But people are individuals, and not everyone benefits from every intervention. We’ve all had that patient who has struggled, brought low by the burden of their ill-health, and their worries about our targets. Each one of us will be able to bring to mind the cancer patient who has gone for the fourth-line treatment, when in our hearts, we want them to understand that comfort, dignity, and spending time with family, may be more realistic than potentially harmful, wasteful treatment, chasing false hope.

And there is that word: realistic. This is not about disregarding the guidelines. It is about remembering that we are treating people, trying to achieve the best outcome for individuals.

how do we practice realistic medicine

So, is realistic medicine about what is achievable? Or must it include what is desirable for the individual? Who decides where the balance is? To be able to provide the best support to a patient who is deciding between many options, we need to create a bond of trust, where all the relevant facts are known, the variables balanced, the good and not so good possible outcomes evaluated, the risks evaluated in a way that is relevant to the patient. The decisions are a joint responsibility, and we need to be clear, to be realistic about what treatments can achieve. Realistic Medicine aims to be holistic, to put the patient at the heart of decision-making about their care.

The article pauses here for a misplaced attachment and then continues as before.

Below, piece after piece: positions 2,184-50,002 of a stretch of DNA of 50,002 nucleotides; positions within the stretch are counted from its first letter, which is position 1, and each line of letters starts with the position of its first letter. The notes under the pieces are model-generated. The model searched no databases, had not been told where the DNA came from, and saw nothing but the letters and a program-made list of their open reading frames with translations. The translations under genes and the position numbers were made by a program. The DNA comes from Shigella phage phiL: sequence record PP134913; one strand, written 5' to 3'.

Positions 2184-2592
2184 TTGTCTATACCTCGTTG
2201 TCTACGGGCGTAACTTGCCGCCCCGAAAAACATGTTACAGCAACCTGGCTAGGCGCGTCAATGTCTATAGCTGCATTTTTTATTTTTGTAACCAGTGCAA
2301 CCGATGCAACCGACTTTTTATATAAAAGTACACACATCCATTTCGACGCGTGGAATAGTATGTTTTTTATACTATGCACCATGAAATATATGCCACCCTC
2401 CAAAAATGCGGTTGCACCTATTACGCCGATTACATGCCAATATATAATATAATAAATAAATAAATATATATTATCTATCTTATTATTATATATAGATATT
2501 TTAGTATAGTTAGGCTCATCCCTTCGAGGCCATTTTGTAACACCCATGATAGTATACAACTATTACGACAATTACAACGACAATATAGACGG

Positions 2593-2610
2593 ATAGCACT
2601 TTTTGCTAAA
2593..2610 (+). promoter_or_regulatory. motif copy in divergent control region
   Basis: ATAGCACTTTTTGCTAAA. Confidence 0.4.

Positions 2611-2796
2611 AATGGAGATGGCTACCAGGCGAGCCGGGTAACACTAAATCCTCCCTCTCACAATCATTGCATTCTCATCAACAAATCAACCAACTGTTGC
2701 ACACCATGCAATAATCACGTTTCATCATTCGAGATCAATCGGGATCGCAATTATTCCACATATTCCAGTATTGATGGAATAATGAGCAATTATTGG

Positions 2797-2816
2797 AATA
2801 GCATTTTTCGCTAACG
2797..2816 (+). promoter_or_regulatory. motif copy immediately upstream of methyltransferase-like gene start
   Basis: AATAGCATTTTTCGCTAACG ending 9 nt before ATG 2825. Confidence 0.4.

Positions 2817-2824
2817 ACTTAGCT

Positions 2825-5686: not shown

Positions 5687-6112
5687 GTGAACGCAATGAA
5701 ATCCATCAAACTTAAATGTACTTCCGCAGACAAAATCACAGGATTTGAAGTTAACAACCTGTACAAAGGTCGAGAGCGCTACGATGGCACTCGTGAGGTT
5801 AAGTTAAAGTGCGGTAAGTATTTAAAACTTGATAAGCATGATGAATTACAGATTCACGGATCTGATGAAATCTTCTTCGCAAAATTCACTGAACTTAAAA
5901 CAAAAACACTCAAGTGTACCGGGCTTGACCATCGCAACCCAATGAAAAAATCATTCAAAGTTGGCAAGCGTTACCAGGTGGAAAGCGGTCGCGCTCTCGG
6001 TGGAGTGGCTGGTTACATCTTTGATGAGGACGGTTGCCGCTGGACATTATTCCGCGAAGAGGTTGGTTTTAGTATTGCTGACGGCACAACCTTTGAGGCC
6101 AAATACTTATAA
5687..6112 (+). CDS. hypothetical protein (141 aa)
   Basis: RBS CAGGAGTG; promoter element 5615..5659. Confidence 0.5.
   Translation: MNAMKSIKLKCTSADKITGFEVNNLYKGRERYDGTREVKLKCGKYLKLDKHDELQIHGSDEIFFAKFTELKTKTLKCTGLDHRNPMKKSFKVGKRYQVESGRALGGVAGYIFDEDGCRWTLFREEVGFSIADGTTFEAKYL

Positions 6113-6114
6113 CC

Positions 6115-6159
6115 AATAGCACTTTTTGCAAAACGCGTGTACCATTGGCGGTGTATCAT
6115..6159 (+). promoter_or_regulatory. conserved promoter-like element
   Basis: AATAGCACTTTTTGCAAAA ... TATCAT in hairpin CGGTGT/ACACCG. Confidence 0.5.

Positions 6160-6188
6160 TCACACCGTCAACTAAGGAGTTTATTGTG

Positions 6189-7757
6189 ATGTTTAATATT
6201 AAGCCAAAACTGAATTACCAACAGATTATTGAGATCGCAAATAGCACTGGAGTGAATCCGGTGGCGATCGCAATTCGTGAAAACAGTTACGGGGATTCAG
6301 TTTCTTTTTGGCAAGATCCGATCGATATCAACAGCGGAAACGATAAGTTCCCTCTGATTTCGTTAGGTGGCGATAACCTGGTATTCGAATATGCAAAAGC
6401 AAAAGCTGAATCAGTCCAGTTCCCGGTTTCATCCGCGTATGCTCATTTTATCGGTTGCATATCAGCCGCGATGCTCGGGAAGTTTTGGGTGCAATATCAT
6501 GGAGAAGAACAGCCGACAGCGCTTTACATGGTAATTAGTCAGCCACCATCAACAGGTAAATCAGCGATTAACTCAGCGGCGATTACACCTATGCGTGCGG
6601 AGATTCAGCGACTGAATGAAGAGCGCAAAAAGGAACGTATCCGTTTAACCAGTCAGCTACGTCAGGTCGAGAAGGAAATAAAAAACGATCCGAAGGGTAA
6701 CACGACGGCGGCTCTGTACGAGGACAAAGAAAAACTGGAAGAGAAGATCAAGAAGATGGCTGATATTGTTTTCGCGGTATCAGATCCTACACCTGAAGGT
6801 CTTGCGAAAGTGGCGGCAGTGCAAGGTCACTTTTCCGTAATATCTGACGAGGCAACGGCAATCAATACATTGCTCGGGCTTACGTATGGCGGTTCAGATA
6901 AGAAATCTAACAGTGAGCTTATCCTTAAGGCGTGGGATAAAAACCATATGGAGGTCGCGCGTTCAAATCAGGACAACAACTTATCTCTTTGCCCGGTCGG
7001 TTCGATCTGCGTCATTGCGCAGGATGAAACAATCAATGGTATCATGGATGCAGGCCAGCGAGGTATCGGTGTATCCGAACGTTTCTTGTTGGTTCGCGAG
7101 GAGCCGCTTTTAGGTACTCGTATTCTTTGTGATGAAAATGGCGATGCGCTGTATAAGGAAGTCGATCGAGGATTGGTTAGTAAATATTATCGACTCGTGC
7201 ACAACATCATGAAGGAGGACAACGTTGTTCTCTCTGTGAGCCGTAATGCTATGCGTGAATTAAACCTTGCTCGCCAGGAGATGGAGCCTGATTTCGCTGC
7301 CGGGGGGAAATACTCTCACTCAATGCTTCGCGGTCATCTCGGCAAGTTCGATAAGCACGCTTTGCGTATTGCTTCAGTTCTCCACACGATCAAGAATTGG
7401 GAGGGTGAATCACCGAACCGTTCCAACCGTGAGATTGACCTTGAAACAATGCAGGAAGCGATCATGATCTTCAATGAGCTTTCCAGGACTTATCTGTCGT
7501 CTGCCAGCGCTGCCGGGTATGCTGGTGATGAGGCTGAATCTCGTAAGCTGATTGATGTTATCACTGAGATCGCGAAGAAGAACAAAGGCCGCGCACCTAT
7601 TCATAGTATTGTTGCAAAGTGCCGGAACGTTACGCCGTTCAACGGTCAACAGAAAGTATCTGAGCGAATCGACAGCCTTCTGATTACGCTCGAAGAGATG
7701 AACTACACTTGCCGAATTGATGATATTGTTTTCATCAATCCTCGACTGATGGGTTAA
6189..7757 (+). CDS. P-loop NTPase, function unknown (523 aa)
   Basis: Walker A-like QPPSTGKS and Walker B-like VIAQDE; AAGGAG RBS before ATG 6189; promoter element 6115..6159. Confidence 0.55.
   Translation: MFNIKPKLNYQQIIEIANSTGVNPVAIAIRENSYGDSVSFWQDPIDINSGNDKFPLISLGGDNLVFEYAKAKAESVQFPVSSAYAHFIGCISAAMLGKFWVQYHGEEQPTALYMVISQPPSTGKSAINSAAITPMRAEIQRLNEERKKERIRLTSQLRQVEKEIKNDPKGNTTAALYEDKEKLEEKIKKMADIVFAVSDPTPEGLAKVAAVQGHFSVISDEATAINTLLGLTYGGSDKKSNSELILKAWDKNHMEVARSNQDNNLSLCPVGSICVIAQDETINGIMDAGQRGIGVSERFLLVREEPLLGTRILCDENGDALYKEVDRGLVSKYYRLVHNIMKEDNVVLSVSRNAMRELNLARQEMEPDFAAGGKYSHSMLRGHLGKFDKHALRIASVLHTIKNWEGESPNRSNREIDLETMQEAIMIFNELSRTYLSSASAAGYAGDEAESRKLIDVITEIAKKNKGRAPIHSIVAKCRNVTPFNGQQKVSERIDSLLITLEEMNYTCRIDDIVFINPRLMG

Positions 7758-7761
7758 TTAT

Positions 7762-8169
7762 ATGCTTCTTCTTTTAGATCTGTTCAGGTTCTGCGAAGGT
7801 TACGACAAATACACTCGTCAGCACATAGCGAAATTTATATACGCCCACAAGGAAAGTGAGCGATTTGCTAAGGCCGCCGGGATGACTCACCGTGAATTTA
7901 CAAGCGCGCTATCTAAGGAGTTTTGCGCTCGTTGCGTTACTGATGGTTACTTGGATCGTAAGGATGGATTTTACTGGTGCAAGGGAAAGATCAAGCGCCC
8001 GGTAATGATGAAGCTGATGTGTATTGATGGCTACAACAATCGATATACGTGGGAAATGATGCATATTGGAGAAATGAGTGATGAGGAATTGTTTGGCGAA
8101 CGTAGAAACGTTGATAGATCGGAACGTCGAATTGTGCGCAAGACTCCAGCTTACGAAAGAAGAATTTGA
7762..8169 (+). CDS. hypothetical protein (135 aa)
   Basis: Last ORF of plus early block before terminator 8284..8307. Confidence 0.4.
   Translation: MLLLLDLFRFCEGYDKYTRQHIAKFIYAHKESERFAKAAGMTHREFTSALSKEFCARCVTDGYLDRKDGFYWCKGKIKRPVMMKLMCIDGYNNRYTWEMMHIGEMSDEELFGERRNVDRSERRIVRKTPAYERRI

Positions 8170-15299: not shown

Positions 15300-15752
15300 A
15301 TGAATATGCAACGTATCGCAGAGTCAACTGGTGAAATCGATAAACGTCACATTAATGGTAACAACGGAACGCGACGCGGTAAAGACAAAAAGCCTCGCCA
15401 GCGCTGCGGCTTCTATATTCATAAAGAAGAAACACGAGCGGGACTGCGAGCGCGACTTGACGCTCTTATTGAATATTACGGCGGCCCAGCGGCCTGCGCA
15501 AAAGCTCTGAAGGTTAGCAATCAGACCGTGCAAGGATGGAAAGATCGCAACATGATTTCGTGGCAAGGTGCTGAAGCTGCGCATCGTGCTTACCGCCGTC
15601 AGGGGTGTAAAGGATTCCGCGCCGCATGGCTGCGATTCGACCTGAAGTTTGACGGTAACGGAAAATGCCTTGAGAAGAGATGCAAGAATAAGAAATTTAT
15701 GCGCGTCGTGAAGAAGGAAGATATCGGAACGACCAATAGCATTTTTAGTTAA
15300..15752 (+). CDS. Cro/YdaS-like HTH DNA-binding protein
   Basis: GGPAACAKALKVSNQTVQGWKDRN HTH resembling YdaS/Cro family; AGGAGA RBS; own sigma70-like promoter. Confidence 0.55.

Tied up in our ideas of realistic medicine is the concept of unrealistic expectations of what can be achieved. What is unrealistic? And where is the harm? There is harm in over-treating diabetes in older type 2 diabetics, quite clear-cut. There is harm in over-treatment when unrealistic hope for a cure is not openly discussed. There is harm in wasting resources on treatments that have little value to the patient, or undertaking unnecessary tests that produce anxiety about results.

Growing with the concept of Realistic Medicine is the concept of value. Value brings with it the sound of money. This is not about cutting costs, though. This is about avoiding waste, about providing the best we can with the resources we have. In many cases, redesigning services releases capacity for much more appropriate care. In others, the care that is given is more valued for being personalised and appropriate.This can be a realistic approach to the use of our resources, our time, our clinicians.